Boxing: Turning Stone Resort and Casino

Is Mike Tyson making a comeback?

August, 21, 2013
The promotion has been dubbed "Tyson Is Back!" Does that mean that Mike Tyson, the former Baddest Man on the Planet, out of the ring since a 2005 loss to Kevin McBride, is lacing up the gloves, giving it one more go, at age 47?

No dice, diehards.

You will not see Iron Mike chasing past glories in the boxing ring, not judging by his words at a Wednesday press conference at Turning Stone Casino in Verona, NY.

Tyson talked at the presser as lead promoter of a Friday card at Turning Stone, topped by a Argenis Mendez IBF super featherweight title defense against Arash Usmanee, a scrap that will run on ESPN's "Friday Night Fights."

"I never want to be back in the ring," said Tyson, who was jovial and acted pleased to be alive, a contrast to many of his pre-fight appearances when he campaigned as a pro, from 1985 til the McBride loss. "I understand what these guys are going through. We want to be known for being worthy but most fighters are shy. I'm going to watch them, as a fan, and be so happy I'm not in there."

A Tyson-Evander Holyfield fight, with proper buildup, would probably do 100,000 buys on pay-per-view, such is the fascination with known entities, even ones chugging toward 50, and over the line, as Holyfield is. But Tyson is one of the rare ones, who has found compelling and lucrative enough vocational opportunities outside the ring to keep him occupied, and not susceptible to the lure of the ill-advised ring return.

The season finale of ESPN's Friday Night Fights is presented by Corona Extra. Friday's show will air live at 9 p.m. ET on ESPN2, WatchESPN and broadband Spanish-language ESPN Deportes+. ESPN Deportes will televise Friday's fights on Saturday, August 24, at 7 p.m. ESPN3 will exclusively carry two additional bouts at 7 p.m. before Friday's 9 p.m. telecast. Friday's fights on ESPN3: a 10-round welterweight bout between Ed Paredes (33-3-1, 22 KOs) and Noe Bolanos (25-7-1, 16 KOs) and a 10-round junior lightweight bout between Alexei Collado (16-0, 15 KOs) and Hugo Partida (18-4-2, 14 KOs).

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Promoter Tyson back from the brink

August, 19, 2013
Mike Tyson's re-branding is the sort of turnaround that just about never happens.

Back in 2008 and 2009, he was depressed, he said, to the point of contemplating suicide, and using drugs in a completely reckless manner. "I was overdosing every night, I couldn't believe I was waking up," Tyson said on a Monday conference call to hype his Aug. 23 debut as a boxing promoter.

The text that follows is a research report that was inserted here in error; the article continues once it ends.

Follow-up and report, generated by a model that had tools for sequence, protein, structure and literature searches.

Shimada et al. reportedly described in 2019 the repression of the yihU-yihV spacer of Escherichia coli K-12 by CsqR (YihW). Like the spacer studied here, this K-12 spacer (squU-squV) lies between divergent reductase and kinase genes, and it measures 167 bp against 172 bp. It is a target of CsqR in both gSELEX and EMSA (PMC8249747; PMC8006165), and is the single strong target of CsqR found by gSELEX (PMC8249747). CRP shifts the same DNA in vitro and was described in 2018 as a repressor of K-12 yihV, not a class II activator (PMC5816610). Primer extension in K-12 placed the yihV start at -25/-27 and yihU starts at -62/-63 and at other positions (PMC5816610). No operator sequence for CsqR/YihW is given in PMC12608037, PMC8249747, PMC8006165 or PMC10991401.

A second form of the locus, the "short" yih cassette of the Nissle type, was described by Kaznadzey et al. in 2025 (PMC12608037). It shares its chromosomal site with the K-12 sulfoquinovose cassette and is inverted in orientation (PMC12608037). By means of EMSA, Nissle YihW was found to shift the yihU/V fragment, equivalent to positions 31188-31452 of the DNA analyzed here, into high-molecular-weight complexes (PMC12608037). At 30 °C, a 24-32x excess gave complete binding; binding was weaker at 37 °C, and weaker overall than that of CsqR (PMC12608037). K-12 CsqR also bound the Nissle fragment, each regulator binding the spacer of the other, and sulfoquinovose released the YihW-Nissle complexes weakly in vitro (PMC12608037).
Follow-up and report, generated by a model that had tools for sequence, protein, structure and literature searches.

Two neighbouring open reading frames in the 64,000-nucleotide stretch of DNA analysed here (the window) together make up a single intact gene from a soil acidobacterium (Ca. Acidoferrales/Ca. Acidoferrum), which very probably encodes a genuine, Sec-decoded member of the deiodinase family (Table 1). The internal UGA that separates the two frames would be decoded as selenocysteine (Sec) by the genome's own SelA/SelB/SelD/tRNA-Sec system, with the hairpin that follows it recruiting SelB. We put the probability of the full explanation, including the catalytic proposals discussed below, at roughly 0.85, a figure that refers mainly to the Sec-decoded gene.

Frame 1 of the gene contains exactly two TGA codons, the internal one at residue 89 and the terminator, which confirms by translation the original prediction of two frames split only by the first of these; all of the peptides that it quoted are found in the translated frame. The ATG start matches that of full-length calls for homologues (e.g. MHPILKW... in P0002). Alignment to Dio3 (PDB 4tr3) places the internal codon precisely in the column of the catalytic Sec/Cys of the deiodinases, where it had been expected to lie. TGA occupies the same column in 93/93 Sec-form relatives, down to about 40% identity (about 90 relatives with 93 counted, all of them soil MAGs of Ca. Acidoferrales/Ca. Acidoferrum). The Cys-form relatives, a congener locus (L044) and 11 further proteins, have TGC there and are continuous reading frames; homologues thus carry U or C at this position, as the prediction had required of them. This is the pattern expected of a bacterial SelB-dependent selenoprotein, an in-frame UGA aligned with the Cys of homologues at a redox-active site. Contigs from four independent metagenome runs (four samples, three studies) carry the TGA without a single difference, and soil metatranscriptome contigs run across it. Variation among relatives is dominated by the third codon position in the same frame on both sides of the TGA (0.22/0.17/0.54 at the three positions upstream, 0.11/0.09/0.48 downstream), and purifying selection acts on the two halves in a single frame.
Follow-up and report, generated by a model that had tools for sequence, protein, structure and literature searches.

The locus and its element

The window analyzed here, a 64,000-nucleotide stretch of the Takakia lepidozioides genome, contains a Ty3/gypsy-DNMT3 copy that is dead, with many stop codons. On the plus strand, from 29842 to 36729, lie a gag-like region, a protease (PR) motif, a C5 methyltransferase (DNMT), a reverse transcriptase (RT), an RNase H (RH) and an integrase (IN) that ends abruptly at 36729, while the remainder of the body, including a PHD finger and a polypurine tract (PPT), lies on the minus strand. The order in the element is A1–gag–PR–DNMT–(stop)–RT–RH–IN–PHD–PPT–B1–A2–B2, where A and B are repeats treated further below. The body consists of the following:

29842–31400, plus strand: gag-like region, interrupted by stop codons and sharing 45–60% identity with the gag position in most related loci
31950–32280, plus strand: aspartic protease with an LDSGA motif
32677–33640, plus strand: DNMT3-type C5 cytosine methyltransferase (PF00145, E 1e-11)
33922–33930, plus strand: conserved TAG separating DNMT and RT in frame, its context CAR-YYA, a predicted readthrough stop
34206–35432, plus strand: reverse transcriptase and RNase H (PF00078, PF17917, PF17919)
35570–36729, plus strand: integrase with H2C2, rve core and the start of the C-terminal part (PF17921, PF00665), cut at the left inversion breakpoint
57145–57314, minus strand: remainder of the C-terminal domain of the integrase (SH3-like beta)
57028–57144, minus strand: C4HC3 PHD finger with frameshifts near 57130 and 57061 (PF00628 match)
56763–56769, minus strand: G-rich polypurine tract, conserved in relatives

But meeting current wife Kiki, and the tragic death of a four-year-old daughter in a treadmill accident in 2009, forced him to snap out of it.

Tyson, now 47, couldn't handle the pressure and fame and mercurial fortunes that were dumped into his lap when at age 20 he won the heavyweight championship, the youngest man to do so. By 2008 or so, he said, he was a "full-blown addict," and couldn't fathom a comeback when then-friend Kiki suggested he do a one-man show on stage and try to get into film work. "Look at the state I'm in," he remembers thinking when Kiki visited and spoke hopefully. "My daughter died, and I wanted to live my life differently," he said.

Look at the state, indeed. Spike Lee is producing his one-man play, which gets rave reviews, and he will kick off another leg of the tour in November. On Nov. 12, his memoir, "Undisputed Truth," gets released. On Friday, he will promote, as part of Iron Mike Productions, a show that will be featured on ESPN's "Friday Night Fights." A title fight between Argenis Mendez, the IBF 130-pound champion, and Arash Usmanee, will top the card at Turning Stone, in Verona, N.Y.

Tyson was asked what he learned from the promoters he worked with, most notably Don King. He said he learned that it isn't proper to put your hands on a business associate when you disagree on terms of a deal or the delivery of promised revenue. "I put my hands on 'em, you should never ever do that," he said. "I was an immature, spoiled kid, I'd never do that again, striking people."

He said he forgives business partners who crossed him, and hopes they forgive him for trying to throttle them. His old edge did peek out a bit when he admitted he's irked that King hasn't been forthcoming with advice or help in this promotional endeavor, though Tyson did say he'd be open to working with his old handler, who turns 82 on Aug. 20 and promotes infrequently. "You will never hear 'Mike Tyson stole from me,' " Tyson said.